Saturday, February 07, 2015

Trust Your Power

Trust Your Power
Sermon preached by the Rev. Lowell E. Grisham, Rector
St. Paul's Episcopal Church, Fayetteville, Arkansas
February 8, 2015; 5 Epiphany, Year B
Episcopal Revised Common Lectionary

Mark 1:29-39 – Jesus left the synagogue at Capernaum, and entered the house of Simon and Andrew, with James and John. Now Simon's mother-in-law was in bed with a fever, and they told him about her at once. He came and took her by the hand and lifted her up. Then the fever left her, and she began to serve them. 
That evening, at sundown, they brought to him all who were sick or possessed with demons. And the whole city was gathered around the door. And he cured many who were sick with various diseases, and cast out many demons; and he would not permit the demons to speak, because they knew him. 

In the morning, while it was still very dark, he got up and went out to a deserted place, and there he prayed. And Simon and his companions hunted for him. When they found him, they said to him, "Everyone is searching for you." He answered, "Let us go on to the neighboring towns, so that I may proclaim the message there also; for that is what I came out to do." And he went throughout Galilee, proclaiming the message in their synagogues and casting out demons.

If you were here last week, you may have taken advantage of the scripture prophecy about the Super Bowl. As the psalmist foretold, yes, the Patriots won. I was not pleased; but the Lord's will be done. I do hope those of you who acted on that divine foreknowledge will share your blessings with the church.

I also know all of you took note as you listened to the scriptures today, that had the game been this week instead of last week, it would have had a different result. For the prophet Isaiah announces today, "Those who wait for the LORD shall renew their strength, they shall mount up with wings like eagles." And as we all know, in Isaiah's day, seahawks were called eagles. Alas. Bad timing.

But I don't want to talk about the game. I want to talk about the commercials. I heard the Bud puppy won. I was distracted during that one, reading a book to Laura. I liked some of the throw-back commercials. The Brady Bunch with the ax murderer playing the role of Marcia, until she has a Snicker. Great! But the best one was a flashback to 1994 with Bryant Gumbel and Katic Couric being totally clueless about the Internet and email. "Allison, can you explain what Internet is?" says Katie. Shift to the present, and they are equally baffled by the 2015 electric car they are driving. Great stuff.

But none of those were as good as the Derrick Coleman commercial from last year's Super Bowl. Do you remember it? We see his name "Coleman" on Derrick's jersey as his team is in the tunnel leading to the stadium. Then we hear his voice, "They told me …I was a lost cause. I was picked on." [image of another black child taunting little Derrick on the way to school]; "and picked last. Coaches didn't know how to talk to me; they gave up on me; told me I should just quit." [the screen cuts to a TV screen announcing the last pick of the NFL draft, and Derrick's voice speaks] "They didn't call my name; told me it was over. But I've been deaf since I was three. So I didn't listen." [camera shifts to Derrick Coleman putting on his Seattle Seahawks helmet entering the Super Bowl] "And now I’m here, with a lot of fans in the NFL cheering me on, and I can hear them all." [ad closes with the tagline for the battery in Derrick's hearing aids: Duracell: Trust Your Power." Or you might say, Derrick was freed from the limitations others imposed on him because of his deafness; he was freed from that in order to be freed for using his gifts at the highest level.[i]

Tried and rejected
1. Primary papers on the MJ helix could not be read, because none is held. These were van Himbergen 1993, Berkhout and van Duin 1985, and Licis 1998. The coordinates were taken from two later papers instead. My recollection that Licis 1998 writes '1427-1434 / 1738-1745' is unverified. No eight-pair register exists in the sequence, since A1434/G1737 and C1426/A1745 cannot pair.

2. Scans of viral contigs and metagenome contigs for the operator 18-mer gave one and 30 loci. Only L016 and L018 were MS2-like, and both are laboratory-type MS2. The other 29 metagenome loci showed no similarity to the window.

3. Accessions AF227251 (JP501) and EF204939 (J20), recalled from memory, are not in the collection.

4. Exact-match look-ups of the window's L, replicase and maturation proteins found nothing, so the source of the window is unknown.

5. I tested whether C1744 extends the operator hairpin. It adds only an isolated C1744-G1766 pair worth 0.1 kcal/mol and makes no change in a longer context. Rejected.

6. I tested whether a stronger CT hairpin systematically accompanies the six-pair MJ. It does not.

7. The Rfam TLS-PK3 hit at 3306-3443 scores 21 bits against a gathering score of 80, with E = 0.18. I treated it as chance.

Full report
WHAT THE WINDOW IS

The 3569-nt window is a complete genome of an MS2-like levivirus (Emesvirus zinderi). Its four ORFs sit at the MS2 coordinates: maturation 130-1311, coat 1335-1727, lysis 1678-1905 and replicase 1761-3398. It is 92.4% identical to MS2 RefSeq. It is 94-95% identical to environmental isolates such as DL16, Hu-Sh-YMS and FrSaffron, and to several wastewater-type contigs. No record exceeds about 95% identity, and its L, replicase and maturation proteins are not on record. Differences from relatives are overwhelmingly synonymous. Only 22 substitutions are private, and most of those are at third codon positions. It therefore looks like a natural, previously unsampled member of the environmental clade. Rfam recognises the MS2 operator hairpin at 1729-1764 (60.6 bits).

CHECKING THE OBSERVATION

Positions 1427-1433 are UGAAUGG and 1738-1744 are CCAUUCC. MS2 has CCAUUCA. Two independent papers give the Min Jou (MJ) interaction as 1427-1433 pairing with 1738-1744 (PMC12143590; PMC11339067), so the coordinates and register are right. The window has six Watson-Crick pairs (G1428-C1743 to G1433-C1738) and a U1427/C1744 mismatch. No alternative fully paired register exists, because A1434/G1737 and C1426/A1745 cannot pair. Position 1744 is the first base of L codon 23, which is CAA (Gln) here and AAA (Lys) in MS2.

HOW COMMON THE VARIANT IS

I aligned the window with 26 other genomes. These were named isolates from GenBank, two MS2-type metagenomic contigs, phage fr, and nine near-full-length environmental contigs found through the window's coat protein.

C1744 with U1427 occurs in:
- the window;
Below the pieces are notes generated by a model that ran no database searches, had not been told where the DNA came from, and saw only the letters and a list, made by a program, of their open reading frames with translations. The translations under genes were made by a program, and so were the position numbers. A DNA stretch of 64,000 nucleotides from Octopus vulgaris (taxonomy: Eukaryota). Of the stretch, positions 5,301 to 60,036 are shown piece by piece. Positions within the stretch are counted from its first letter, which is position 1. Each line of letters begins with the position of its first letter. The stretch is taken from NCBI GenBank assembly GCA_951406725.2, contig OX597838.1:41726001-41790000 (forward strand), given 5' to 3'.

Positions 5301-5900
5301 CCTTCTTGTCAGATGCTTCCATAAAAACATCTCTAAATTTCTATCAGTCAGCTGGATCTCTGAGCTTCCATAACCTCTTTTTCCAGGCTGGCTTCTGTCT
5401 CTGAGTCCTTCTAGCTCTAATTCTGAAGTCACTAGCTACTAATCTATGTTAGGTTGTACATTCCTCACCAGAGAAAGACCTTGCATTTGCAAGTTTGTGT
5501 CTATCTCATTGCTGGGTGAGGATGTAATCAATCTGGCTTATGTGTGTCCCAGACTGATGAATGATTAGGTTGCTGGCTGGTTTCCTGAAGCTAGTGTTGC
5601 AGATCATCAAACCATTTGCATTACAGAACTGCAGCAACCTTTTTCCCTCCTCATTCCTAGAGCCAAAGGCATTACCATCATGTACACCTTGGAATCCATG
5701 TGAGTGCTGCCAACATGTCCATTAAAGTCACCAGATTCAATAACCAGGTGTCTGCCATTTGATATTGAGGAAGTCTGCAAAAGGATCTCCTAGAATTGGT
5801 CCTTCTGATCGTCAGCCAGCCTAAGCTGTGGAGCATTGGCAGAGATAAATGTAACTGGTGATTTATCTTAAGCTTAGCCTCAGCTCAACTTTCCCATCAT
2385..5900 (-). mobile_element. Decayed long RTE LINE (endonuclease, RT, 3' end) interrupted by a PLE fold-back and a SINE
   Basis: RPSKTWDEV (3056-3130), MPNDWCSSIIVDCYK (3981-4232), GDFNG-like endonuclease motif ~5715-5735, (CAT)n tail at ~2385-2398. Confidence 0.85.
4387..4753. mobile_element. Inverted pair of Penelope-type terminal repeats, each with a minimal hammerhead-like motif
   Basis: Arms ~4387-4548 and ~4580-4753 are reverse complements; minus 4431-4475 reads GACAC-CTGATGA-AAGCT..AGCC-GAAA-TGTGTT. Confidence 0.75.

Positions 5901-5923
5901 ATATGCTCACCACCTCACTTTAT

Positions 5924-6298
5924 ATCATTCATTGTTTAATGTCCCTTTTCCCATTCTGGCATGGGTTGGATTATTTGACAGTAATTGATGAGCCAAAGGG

In our gospel story today, Jesus enters the home of Simon Peter's mother-in-law, and she is sick, unable to function in her role of hospitality. In the Middle East, giving hospitality is critically important, a function of honor and crucial to establishing one's place in the community. Jesus goes to her. He takes her by the hand—he grasps her; lifts her up. Trust Your Power. And she is restored to her honorable calling to serve. She is freed from her fever in order to be free for honorable service.

That night, the whole city comes to her home, and Jesus heals. He carries out his calling—his work; his mission to heal. He casts out demons. I've seen that sort of thing happen. When people or groups are incoherent, unmoored and chaotic—the presence of someone who is grounded can often bring coherence and order. It frees them from their oppressive incoherence in order to free them for being who they really are.